While I'll soon be going through chapter by chapter and making more detailed edit notes, I've found that the first reading can really help you grasp the story as a whole—it's not about the line edits or the awkward sentences yet—it's about what you can do to improve your WIP, to take it out of the depths of the first draft and start to push it towards a polished work.

I know, however, that many people view the first reading differently, so I'm curious— what do you focus on during your first reading? Do you have a system that you use every time, or does it depend on the WIP? I'd love to hear your tips and techniques.

How to Choose a POV Character

Photo credit: davidz on Flickr
There are many factors to consider and questions to answer when you decide to write a book. What genre and age group do you want to write in? Should you write in first person or third? Past or present tense? Will you do any plotting beforehand or pants the whole thing entirely?

One of the earliest questions you must answer, however, before you even write a single word of your soon-to-be Work In Progress (or WIP, for those of you wondering) is which character will be your point of view (POV) character?

Choosing a POV character is arguably the most important part of novel-planning for limited third or first person POV stories, because it affects absolutely everything in the story—from voice, to plot points, to how (and what) information will be revealed to your readers. The POV character that you choose will affect every word in your story, because the story will be filtered through his or her lens.

But while sometimes the POV character is obvious right from the start, choosing a POV character is not always so cut and dry. In those instances when you’re not entirely sure whose POV you should write from, there are two major questions you must ask yourself:

  • Which character has the most at stake? This is the most important question—which character has the most to lose? Readers don’t want to hear from a character who has nothing to lose—that character won’t be emotionally invested in the story and so neither will your readers be. The character who will take the biggest risks, who will suffer if he doesn’t succeed, who is so emotionally invested and entangled in the story that he couldn’t remove himself from it even if he wanted to—that’s the character you want narrating your story.

    Once you’ve determined which character has the most at stake and will be most affected by the plot, you can then move on to the second question.

  • Am I invested enough in this character to stay in his/her head for 300+ pages? This is important because sometimes, especially in the early plotting of our story, we don’t know enough about our characters to really determine how interested we are in them. Before you start writing, however, it is vital that you make your character interesting enough to you that you look forward to spending the next many months living inside of his head—because when you’re writing, especially in a close POV, that’s exactly what you’re doing. If you’re not interested enough in your character to do so, you can pretty much guarantee your readers won’t be very interested either, assuming you even finish the story.

Let’s test two examples:

  • Harry Potter (J.K. Rowling)—The Harry Potter series has an enormous cast of characters, but the obvious choice for POV character would be one of the main three characters—Harry, Ron and Hermione. Out of the three, Harry definitely has the most at stake—the most evil wizard of all time tried to kill him when he was an infant and left him an orphan, and now that he’s older, that same evil wizard is returning and he hasn’t forgotten about little Harry Potter. The interest bit (very slight spoiler), as we learn later on, is if Voldemort had interpreted the prophecy that led him to attack Harry when he was a baby differently, he may have tried to kill Neville Longbottom instead, and the first story would likely have been Neville Longbottom and the Sorcerer’s (or Philosopher’s) Stone, instead.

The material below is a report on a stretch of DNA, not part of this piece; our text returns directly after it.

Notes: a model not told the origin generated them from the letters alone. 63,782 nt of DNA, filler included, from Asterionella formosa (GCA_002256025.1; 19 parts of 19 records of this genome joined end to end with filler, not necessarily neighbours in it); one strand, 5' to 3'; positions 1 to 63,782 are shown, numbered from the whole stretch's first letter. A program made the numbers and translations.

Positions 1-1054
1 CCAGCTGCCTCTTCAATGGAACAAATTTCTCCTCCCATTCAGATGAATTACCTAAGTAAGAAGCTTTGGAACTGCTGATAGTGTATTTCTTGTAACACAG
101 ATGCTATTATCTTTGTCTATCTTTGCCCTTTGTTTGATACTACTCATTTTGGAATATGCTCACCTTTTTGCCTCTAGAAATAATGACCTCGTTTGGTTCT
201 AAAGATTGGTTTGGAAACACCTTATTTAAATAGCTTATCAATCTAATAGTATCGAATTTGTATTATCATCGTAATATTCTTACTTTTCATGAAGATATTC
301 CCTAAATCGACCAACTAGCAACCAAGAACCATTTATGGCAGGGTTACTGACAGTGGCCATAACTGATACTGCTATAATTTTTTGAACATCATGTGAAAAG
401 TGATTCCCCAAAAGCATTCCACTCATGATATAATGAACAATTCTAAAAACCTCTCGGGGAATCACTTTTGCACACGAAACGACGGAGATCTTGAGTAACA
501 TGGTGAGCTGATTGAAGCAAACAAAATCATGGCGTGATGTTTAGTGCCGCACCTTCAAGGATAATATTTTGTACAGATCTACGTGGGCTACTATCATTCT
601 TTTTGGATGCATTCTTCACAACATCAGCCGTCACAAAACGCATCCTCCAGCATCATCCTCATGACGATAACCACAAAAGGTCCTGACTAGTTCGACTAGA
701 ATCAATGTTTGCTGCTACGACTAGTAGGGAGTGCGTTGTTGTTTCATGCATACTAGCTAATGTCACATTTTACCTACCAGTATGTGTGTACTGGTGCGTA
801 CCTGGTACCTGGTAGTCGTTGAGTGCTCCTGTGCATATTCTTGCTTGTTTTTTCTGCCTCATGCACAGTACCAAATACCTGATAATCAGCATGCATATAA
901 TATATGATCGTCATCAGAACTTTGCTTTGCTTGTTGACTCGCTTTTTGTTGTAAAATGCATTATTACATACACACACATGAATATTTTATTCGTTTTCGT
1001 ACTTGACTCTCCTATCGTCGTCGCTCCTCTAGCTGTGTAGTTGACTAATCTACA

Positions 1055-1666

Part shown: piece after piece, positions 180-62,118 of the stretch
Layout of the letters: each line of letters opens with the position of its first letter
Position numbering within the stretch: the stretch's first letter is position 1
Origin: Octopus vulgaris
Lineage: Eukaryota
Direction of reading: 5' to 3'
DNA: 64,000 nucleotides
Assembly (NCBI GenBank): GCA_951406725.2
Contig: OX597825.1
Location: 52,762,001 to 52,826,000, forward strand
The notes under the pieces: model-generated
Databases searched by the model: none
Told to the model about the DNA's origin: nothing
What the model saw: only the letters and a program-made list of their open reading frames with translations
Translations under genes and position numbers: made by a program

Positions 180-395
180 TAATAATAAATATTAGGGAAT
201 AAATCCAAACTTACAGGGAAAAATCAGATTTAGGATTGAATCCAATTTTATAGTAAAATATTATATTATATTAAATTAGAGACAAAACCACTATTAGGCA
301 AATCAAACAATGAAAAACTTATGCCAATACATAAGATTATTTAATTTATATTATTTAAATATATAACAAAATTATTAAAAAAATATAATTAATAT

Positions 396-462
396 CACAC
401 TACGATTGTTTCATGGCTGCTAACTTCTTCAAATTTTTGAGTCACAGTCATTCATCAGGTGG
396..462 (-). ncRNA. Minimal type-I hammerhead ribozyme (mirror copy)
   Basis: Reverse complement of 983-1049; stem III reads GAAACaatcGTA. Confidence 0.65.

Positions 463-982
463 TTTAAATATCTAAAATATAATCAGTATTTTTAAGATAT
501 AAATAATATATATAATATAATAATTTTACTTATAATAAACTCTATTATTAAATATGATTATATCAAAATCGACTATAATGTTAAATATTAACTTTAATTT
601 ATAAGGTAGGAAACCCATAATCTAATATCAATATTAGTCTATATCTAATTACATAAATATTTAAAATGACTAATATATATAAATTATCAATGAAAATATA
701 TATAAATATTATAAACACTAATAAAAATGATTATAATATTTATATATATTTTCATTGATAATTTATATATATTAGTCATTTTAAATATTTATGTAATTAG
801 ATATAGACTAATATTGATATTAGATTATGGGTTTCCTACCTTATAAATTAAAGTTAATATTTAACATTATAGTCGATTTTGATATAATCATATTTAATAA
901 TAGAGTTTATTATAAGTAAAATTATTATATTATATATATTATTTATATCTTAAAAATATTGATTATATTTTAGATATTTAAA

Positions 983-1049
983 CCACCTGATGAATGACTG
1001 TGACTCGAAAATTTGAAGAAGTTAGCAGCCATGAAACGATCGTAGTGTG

• The Hunger Games (Suzanne Collins)—It could be argued that anyone chosen in the Reaping has pretty near equal stakes—there can only be one winner of the Hunger Games, so every tribute has their life on the line. Why then, did Suzanne Collins choose Katniss as a POV over Peeta or any of the other tributes? I’m sure there were many reasons, but the two that stand out to me the most are these: Katniss has a little more at stake than Peeta, in that Peeta knows his family will survive without him if he doesn’t win the Hunger Games, while Katniss isn’t so sure and (IMO) Katniss is a more interesting character than Peeta.

    That’s not to say that Peeta is boring—but he’s good with the crowd, he’s level-headed and consistent, while Katniss is terrible at public relations (a big deal for Hunger Games tributes), has a relatively short fuse, doesn’t trust anyone and is incredibly stubborn. All of these factors give her more trouble during the games, and put the readers on an emotional rollercoaster throughout the plot.

Choosing a POV character isn’t a process that should be taken lightly, but once you’ve chosen the right character to carry your story, the rest will fall into place.

How do you choose a POV character? Have you ever switched your POV character after you started writing? Share your experience in the comments below—I’d love to hear from you.

How to Write a Novel in Only 500 Words a Day

So if you follow me on Twitter or have liked my Facebook page, you might have seen this tweet enter the world of the internet a couple of days ago:

I did the math, and figuring that every blog post averages somewhere around 500 words, that means that after today, I’ll have written somewhere around 100,000 words in blog posts, and it really got me thinking. Because I almost didn't start this blog. I almost talked myself out of publishing that first post and announcing it to my (then) 100 Twitter followers.